As with all other regulations, we put all our efforts into complying with these obligations, while limiting any negative impact on our business operations. We also firmly believe that the fight against illicit trade can only be effective if measures such as Track and Trace are implemented along with proper enforcement by authorities and sanctions for those involved in illegal trade. Governments must also implement further measures to address products which will, by nature, escape those obligations, such as counterfeits or illicit whites*.

  • * ‘Illicit whites’ refer to tobacco products manufactured legitimately but without any product flow control measures afterwards, and smuggled and sold in another market.

A global response to illicit trade

The Protocol to Eliminate Illicit Trade in Tobacco Products is the first protocol to the WHO Framework Convention on Tobacco Control (FCTC). It entered into force on September 25, 2018 and has so far been ratified by 64 Parties (November 2021).

This international treaty aims to eliminate all forms of illicit trade of tobacco products, through several provisions that are binding on its Parties. We support this Protocol, as it provides a global response to the global problem of illicit trade.

One of the main requirements is that the Parties must implement a Track and Trace system within 5 years for cigarettes and within 10 years for all other tobacco products respectively after the entry into force of the Protocol for them. In order for this regime to be effective, we support the implementation of an architecture based on ‘open standards’ and interoperability for every actor in the supply chain, while taking into account existing systems such as the new EU-wide Track and Trace system.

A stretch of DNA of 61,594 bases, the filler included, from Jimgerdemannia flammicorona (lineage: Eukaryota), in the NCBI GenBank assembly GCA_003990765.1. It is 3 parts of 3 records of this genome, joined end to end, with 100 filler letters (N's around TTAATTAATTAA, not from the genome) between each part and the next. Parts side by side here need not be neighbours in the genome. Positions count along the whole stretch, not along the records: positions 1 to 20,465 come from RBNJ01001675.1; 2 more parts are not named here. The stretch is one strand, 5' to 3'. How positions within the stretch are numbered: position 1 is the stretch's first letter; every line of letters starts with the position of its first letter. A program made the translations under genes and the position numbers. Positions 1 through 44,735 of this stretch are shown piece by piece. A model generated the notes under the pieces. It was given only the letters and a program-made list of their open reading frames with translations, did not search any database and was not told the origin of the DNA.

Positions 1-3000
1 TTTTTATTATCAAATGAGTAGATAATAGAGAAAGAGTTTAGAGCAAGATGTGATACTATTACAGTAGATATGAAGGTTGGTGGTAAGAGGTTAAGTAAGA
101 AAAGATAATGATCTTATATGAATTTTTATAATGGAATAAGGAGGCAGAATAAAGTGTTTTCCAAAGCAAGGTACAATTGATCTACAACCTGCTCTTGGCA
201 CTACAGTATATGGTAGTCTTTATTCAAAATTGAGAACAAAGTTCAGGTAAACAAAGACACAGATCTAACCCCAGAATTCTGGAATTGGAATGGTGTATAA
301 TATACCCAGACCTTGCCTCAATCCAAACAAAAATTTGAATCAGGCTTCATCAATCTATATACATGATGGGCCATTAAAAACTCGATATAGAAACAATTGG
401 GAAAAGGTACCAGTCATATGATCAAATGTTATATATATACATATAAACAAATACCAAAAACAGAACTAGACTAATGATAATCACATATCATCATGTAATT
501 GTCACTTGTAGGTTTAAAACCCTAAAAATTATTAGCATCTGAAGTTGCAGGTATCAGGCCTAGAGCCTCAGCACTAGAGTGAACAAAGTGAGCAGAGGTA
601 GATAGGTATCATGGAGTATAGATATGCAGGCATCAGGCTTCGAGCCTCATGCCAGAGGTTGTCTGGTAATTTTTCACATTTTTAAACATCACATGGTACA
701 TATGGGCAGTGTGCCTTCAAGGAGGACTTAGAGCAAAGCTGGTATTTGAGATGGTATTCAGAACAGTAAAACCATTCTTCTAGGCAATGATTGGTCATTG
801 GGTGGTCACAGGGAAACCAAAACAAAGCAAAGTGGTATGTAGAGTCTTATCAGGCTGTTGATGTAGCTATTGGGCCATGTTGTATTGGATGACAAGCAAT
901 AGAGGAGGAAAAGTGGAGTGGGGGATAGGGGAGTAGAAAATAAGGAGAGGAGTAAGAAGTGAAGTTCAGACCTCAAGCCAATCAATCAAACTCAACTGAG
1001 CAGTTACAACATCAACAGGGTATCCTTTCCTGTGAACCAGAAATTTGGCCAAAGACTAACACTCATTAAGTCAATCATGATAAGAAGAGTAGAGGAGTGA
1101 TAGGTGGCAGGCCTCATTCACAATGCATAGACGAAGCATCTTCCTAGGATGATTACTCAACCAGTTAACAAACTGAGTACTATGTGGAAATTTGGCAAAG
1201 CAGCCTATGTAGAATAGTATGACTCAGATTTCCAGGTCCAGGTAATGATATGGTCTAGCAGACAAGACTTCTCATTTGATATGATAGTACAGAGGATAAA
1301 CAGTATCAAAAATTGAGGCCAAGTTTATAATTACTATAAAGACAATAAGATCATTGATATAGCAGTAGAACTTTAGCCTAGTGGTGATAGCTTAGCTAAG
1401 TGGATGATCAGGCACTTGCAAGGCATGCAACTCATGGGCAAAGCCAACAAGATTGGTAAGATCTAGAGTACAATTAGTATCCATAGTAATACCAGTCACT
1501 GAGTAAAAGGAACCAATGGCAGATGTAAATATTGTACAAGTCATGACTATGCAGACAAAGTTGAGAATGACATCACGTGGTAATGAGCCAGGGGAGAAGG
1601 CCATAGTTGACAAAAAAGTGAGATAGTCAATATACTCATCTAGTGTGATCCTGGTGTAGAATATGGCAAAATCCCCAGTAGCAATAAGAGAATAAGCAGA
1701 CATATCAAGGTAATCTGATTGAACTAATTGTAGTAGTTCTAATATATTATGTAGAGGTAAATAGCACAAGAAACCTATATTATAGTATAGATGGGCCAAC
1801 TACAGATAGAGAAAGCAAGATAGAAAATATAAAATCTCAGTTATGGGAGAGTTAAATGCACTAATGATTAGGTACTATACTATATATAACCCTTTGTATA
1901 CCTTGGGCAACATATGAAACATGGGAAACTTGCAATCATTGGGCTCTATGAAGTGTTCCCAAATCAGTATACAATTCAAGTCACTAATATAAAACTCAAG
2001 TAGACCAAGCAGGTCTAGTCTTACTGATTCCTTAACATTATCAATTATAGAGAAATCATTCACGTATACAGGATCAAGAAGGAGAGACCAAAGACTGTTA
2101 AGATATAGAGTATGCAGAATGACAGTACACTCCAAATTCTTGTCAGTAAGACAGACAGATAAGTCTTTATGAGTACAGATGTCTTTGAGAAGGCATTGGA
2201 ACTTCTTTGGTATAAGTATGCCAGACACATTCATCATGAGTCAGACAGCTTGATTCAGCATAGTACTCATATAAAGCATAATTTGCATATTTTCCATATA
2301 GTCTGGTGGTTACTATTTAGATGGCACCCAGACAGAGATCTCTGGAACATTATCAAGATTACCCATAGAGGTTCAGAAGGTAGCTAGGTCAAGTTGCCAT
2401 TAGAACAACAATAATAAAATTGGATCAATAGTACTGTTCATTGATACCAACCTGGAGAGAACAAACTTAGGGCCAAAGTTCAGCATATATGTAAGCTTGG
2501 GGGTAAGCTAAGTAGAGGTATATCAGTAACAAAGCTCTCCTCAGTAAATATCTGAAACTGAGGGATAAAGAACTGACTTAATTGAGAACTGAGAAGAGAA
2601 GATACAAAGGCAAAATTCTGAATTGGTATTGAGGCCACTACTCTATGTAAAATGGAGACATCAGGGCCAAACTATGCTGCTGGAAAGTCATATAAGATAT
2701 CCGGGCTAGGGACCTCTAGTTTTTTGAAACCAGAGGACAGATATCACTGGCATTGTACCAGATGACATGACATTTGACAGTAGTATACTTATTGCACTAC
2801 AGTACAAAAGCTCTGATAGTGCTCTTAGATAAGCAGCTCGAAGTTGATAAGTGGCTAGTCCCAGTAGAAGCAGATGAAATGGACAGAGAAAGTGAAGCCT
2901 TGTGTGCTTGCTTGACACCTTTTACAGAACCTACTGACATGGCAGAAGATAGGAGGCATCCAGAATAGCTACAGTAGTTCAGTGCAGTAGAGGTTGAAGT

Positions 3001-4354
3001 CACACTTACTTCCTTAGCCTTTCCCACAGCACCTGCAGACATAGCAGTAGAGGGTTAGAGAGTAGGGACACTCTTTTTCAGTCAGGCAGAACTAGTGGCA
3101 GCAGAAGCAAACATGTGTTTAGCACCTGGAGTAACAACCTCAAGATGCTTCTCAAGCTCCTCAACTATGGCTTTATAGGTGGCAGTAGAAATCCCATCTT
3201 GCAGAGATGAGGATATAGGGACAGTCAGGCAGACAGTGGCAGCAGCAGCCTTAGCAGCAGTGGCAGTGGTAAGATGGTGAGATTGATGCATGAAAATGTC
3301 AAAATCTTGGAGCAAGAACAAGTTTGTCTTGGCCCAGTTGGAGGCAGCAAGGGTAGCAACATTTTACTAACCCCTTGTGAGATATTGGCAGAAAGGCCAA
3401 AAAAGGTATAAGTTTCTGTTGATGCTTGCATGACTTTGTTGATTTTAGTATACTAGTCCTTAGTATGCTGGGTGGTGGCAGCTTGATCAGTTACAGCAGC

The other provisions covered by the Protocol, such as Free Trade Zones oversight or Assistance and Cooperation mechanisms, are equally crucial. These represent an area for public-private cooperation, with the common goal of defeating the illegal trade of tobacco products across the globe.

Taking the fight to the digital world

The fight against the illegal tobacco trade seems never-ending, as criminals seek to use tried-and-tested and innovative new methods of exploiting others. The internet – and social media in particular – continues to provide opportunities for individuals and organized crime groups to sell illegal tobacco products. During the COVID-19 pandemic, with other sales opportunities unavailable, the online world has become the environment of choice for criminals to sell illegal tobacco products. But as criminal gangs become increasingly sophisticated, so do our own efforts to fight them.